Study Highlights Widening Appeal of Hard Discounters

Promoter scores increase across variety of missions
Photograph by WGB Staff

Hard discounters expanding in the U.S. are putting a lot more than pricing pressure on traditional competitors. In many cases, discount shoppers also prefer the shopping experience over supermarkets and are more likely to recommend the format to friends.

Those findings come from a study of more than 17,400 consumers conducted by Bain & Co. and ROIRocket, revealing that hard discounters lead in customer advocacy out of all grocer types for three of the four main shopper journeys, based on the Net Promoter Scores (NPS), a method for gauging customer advocacy.

hard discounters figure
Graphic courtesy of Bain & Co.

The study also found that shoppers are willing to add Lidl or Aldi stores to their shopping options wherever they become available, justifying the ambitious U.S. expansion of the German counterparts. As many as 30% of shoppers at mass and traditional grocery stores also regularly shop at Lidl and Aldi, Bain said.

The figures were especially strong for Aldi, which the survey indicated was gaining customer acceptance along with its move to expand assortment to premium tiers. Its consumer advocacy rose to 55% in 2018 from 46% a year earlier and outperformed in the two areas that according to Bain customers care about most: “best everyday low prices” and “best value for the money.”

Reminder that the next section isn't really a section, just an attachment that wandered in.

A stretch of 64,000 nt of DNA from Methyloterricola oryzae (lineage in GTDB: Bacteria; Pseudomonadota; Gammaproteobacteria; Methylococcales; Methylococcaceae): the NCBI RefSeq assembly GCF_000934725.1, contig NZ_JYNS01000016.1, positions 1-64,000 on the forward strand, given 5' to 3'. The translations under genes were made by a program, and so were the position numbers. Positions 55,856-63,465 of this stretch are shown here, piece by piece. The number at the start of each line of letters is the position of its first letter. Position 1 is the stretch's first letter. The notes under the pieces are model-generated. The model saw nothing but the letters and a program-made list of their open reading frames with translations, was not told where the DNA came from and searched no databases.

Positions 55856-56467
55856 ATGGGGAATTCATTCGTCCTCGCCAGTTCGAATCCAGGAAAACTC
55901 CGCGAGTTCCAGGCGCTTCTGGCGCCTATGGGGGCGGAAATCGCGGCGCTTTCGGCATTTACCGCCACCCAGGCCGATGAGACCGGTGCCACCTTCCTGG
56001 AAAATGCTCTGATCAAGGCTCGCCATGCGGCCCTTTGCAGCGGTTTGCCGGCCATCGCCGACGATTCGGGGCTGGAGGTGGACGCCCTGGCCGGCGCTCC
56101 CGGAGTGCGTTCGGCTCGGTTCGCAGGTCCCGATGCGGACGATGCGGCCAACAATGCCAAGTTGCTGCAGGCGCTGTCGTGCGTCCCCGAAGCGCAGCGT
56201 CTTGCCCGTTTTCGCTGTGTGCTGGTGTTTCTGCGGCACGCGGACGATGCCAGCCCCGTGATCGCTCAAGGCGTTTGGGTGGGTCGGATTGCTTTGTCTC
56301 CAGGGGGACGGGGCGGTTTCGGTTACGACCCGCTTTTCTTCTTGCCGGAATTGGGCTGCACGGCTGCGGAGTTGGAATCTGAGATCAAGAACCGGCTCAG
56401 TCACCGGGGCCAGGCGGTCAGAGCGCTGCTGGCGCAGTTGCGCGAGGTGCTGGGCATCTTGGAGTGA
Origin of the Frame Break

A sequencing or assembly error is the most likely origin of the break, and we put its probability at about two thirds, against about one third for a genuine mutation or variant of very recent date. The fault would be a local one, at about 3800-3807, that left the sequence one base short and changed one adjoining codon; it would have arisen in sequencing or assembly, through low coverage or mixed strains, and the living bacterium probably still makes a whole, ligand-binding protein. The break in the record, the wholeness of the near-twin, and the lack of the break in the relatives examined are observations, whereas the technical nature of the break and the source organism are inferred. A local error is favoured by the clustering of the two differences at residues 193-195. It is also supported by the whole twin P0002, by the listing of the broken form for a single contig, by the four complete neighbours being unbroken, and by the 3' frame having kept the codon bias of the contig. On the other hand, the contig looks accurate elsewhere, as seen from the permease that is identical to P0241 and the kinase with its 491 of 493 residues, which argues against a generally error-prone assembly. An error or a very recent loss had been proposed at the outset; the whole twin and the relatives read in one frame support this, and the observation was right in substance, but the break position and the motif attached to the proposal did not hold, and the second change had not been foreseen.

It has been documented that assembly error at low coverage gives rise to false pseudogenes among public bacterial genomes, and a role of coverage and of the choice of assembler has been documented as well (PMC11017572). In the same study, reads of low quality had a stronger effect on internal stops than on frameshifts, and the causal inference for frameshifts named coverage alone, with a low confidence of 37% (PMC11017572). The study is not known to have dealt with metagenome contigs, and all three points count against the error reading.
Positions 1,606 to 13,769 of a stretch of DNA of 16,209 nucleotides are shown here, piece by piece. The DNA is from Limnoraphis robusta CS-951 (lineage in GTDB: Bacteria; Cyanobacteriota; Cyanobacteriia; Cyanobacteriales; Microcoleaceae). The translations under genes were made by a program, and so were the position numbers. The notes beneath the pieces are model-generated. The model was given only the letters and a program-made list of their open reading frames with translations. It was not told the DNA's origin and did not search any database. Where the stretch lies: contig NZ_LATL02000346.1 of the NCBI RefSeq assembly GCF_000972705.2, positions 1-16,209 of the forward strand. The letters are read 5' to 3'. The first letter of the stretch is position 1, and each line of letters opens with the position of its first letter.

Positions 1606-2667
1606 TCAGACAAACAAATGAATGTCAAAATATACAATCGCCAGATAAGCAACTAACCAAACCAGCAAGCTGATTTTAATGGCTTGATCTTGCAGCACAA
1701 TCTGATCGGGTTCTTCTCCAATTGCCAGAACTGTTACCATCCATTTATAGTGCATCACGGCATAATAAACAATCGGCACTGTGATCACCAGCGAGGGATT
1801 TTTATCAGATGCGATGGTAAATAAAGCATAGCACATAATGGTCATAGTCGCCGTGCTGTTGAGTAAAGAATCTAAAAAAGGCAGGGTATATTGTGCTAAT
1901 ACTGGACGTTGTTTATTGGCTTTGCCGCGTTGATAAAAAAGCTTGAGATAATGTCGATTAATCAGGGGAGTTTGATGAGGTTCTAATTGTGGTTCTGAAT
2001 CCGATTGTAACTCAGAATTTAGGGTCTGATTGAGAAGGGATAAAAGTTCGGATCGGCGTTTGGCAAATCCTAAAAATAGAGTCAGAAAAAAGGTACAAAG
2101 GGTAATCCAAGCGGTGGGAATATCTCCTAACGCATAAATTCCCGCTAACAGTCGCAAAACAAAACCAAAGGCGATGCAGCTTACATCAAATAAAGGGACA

Consumer advocacy is a predictor of future success, because promoters—or a company’s biggest fans—tend to spend more, purchase more frequently and devote a higher share of their overall spending to retailers than do detractors, or consumers giving company a low rating. Aldi had the third-best NPS of 25 retail brands in the Bain study, while Lidl ranked 12th in that group. Bain did not identify the companies in the provided rankings but said the group included supermarkets, mass merchants and warehouse clubs, and excluded convenience stores and dollar stores.

Lidl, which entered the U.S. less than two years ago, is still tinkering to find a profitable model, but has captured 3% or greater share in five of the seven markets studied in summer 2018, gaining spending from traditional grocers, Bain said.

“Lidl and Aldi are just beginning to flex their competitive muscles,” said Mikey Vu, a partner with Bain & Co.’s retail practice and a co-author of the report. “What we're seeing is that U.S. grocers can effectively stand up to these hard discounters, but that they need to remain vigilant and innovate in strategic areas to keep their edge.”

Bain said the continued success will further pressure grocers to invest in convenience and use advanced analytics and other technologies to improve operational efficiencies.

Another recent study from Retail Feedback Group also made note of the growing influence of the discounters in grocery.


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